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Augmentation of alignment and differentiation in C2C12 skeletal myoblasts through use of nano-to-microscale biochemical patterns

Abstract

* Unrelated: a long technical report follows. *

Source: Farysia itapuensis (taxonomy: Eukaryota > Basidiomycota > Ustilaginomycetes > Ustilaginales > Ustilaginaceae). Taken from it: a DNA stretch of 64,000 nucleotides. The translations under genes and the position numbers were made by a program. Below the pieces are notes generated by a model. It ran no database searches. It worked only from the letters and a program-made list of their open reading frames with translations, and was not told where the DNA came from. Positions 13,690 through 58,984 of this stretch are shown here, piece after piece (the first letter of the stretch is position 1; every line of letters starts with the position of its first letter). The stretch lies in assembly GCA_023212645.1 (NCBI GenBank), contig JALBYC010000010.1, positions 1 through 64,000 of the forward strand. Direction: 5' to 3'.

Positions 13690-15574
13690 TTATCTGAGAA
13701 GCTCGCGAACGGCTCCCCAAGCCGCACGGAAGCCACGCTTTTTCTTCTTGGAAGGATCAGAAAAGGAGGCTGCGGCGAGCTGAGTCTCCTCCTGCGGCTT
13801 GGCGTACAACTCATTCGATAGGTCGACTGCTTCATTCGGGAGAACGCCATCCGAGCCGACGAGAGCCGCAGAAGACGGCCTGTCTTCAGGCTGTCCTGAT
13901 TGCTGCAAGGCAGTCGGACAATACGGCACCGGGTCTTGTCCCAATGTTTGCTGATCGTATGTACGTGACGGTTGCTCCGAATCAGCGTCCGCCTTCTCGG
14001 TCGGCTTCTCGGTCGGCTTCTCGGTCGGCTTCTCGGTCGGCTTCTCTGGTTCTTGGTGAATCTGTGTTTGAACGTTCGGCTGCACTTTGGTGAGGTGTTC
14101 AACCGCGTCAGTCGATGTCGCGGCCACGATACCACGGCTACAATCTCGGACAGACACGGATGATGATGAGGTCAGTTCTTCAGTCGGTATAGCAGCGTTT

Interactions between cell surfaces and the extracellular matrix have been shown in previous studies to play an essential role in cell mobility, adhesion, proliferation, differentiation, polarity, and apoptosis. Mimicking this extracellular microenvironment with nanoscale patterns is an approach in which we can manipulate cellular responses at a molecular level for use in future tissue engineering applications or in vitro models. The use of electron beam lithography was explored in this study to create micron and submicron protein patterns in an attempt to imitate the extracellular microenvironment as a cell might sense in an in vivo setting. Submicron patterns of 250 nm and 500 nm widths with 250 nm and 500 nm spacings respectively were successfully generated out of 10k molecular weight polyethylene glycol. The study examined the effects these submicron patterns exhibited over the alignment and differentiation of C2C12 skeletal myoblasts. 5 [Mu]m patterns showed an apparent effect on both C2C12 alignment and early differentiation compared to the unpatterned substrate. Furthermore, the study found that 250 nm patterns were significantly more effective in directing myotube alignment compared to unpatterned and 500 nm patterned substrates. The 500 nm patterns were found to have the least noticeable effects on C2C12 alignment and differentiation. The study has shown that C2C12 myotube alignment can be guided by a variety of pattern dimensions with varying degrees of success. The results also suggest that existence of focal adhesions of sizes 250 nm or less may be responsible for aiding the alignment of myotubes along the patterns

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